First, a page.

Norm Geras, attempting to defend the Decent Left against Tony Judt's recent LRB piece attacking them, picks out this as the core of Judt's attack:
the habit of casting every political choice in binary moral terms
Geras then goes on to accuse Judt of being intolerant because he's unwilling to see that reasonable people might disagree over the invasion of Iraq and various other military interventions. This obviously implies precisely the kind of fault Judt accuses the Decent Left of: the reason he is intolerant is that he is casting all of these political choices in binary moral terms, because he, and those like him, refuse to believe that a reasonable person could only take one side in these disputes.
This response, obviously, doesn't really address Judt's argument, and doesn't even really adequately lay a charge of hypocrisy. Notice that Judt isn't saying there's anything wrong with casting individual political choices in binary moral terms: the critique is that every political choice is cast in binary moral terms. This is sensible, because there are political choices which ought, in all realistic situations, to be understood in certain binary moral terms: to torture or not to torture, for example. What the idea of every political choice being cast in binary moral terms suggests is an inattentiveness to the moral complexity of the world. After all, it would display a lack of moral sense to insist that most decisions about marginal tax rates and their effects on incentives ought to be understood through the lens of a discourse on Nazism. To do so wouldn't have paid sufficient attention to the various sources of moral costs and benefits, most of which have more or less nothing to do with Nazism, which properly impact on such a decision: it would be morally blind.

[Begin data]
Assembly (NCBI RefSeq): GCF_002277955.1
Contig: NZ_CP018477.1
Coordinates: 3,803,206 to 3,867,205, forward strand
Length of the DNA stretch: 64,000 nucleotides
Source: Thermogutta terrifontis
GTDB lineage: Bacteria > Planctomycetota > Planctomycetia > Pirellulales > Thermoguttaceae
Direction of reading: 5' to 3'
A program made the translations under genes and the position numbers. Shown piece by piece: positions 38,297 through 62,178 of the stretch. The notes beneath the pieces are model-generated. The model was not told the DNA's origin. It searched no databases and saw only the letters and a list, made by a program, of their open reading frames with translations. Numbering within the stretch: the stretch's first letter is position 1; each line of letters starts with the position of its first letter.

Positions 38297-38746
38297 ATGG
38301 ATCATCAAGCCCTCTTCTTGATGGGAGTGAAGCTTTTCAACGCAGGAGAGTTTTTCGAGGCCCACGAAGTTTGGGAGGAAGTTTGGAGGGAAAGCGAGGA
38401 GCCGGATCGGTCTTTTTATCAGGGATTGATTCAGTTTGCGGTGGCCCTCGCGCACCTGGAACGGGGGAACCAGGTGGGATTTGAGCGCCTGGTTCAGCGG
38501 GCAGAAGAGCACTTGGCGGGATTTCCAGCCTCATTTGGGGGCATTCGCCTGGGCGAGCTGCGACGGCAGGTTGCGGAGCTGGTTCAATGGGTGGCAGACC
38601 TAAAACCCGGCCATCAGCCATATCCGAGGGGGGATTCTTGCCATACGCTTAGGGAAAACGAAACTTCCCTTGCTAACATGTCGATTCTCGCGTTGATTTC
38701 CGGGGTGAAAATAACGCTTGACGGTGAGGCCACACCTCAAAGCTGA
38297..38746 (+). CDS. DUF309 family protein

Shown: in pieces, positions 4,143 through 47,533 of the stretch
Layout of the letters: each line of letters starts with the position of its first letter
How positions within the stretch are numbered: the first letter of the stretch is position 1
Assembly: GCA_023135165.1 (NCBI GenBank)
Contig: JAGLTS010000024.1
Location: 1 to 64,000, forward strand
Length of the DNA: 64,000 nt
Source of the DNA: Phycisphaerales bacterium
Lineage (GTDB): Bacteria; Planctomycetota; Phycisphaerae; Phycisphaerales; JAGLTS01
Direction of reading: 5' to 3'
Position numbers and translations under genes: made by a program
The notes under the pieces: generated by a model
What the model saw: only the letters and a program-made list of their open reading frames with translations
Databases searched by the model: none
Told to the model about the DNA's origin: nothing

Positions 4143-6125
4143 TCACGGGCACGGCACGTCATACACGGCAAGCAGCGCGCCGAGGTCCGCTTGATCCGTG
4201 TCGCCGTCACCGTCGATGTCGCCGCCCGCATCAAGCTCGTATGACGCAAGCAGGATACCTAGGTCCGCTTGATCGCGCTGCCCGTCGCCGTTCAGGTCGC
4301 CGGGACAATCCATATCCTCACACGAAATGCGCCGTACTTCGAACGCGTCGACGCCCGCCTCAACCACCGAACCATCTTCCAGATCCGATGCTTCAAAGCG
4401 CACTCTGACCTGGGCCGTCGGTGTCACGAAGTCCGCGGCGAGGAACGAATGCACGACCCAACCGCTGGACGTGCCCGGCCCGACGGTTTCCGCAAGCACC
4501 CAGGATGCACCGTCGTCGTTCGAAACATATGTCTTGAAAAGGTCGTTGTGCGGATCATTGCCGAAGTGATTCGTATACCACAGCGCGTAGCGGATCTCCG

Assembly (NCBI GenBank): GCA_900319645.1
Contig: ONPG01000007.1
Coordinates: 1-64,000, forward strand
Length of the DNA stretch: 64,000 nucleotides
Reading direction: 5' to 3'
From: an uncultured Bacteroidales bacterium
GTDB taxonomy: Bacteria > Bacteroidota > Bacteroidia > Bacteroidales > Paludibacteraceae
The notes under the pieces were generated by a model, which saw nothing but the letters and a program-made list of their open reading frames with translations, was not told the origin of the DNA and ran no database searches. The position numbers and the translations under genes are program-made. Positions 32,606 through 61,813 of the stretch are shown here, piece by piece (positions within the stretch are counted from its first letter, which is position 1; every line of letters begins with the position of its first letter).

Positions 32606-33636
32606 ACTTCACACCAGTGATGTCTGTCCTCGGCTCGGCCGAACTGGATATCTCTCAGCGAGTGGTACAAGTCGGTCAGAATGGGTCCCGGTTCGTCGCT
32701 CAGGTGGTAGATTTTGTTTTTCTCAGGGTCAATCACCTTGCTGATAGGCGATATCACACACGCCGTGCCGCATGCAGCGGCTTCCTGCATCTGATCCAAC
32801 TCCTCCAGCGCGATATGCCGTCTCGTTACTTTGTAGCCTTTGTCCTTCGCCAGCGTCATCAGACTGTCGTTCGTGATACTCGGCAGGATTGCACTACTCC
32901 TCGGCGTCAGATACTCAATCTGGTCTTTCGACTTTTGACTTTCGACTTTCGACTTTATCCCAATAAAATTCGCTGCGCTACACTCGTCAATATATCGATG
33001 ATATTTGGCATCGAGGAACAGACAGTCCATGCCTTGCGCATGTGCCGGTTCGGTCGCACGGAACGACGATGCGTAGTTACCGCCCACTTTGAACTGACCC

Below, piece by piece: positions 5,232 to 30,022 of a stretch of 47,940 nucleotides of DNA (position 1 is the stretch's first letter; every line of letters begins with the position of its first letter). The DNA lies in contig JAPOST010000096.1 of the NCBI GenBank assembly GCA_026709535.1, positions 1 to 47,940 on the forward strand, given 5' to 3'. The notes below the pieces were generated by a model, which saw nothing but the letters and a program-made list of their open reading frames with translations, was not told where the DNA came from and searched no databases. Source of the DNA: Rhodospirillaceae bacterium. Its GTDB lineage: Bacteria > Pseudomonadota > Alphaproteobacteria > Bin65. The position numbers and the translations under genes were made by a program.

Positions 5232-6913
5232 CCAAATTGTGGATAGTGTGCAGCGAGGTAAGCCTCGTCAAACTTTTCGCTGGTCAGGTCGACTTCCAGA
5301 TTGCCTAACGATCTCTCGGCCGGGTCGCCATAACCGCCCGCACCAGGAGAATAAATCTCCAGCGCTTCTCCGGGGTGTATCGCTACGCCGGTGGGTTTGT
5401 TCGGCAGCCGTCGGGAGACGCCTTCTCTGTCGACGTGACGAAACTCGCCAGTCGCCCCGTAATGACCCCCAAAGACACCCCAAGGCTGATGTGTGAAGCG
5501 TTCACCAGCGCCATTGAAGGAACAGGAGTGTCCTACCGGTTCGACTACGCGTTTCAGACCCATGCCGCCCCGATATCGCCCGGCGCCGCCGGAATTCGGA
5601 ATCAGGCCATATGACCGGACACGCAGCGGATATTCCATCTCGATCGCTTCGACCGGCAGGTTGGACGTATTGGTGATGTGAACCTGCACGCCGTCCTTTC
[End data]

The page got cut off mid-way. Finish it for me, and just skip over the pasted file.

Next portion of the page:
It strikes me that that is a perfectly respectable critique of the Decent Left: in its rush to see everything through the prism of democracy promotion and suchlike, it ignores a whole host of other costs and benefits which ought to be considered in cases of intervention, as well as the manifest shortcomings of those whom it expects to act as its agents, so, when it formulates the terms on which the decision is to be taken, they don't take into account all these other costs and benefits, or the problems of implementation. It's not so much that the Decent Left sees things in binary moral terms then, but that they see them in the wrong moral terms full-stop: anyone who trusts George Bush and his coterie of plutocrats to successfully run a democratising occupation and so was liable to cast the invasion of Iraq in the binary moral terms of for or against democracy clearly hadn't been paying enough attention to a number of things, not least how George Bush got where he is in the first place.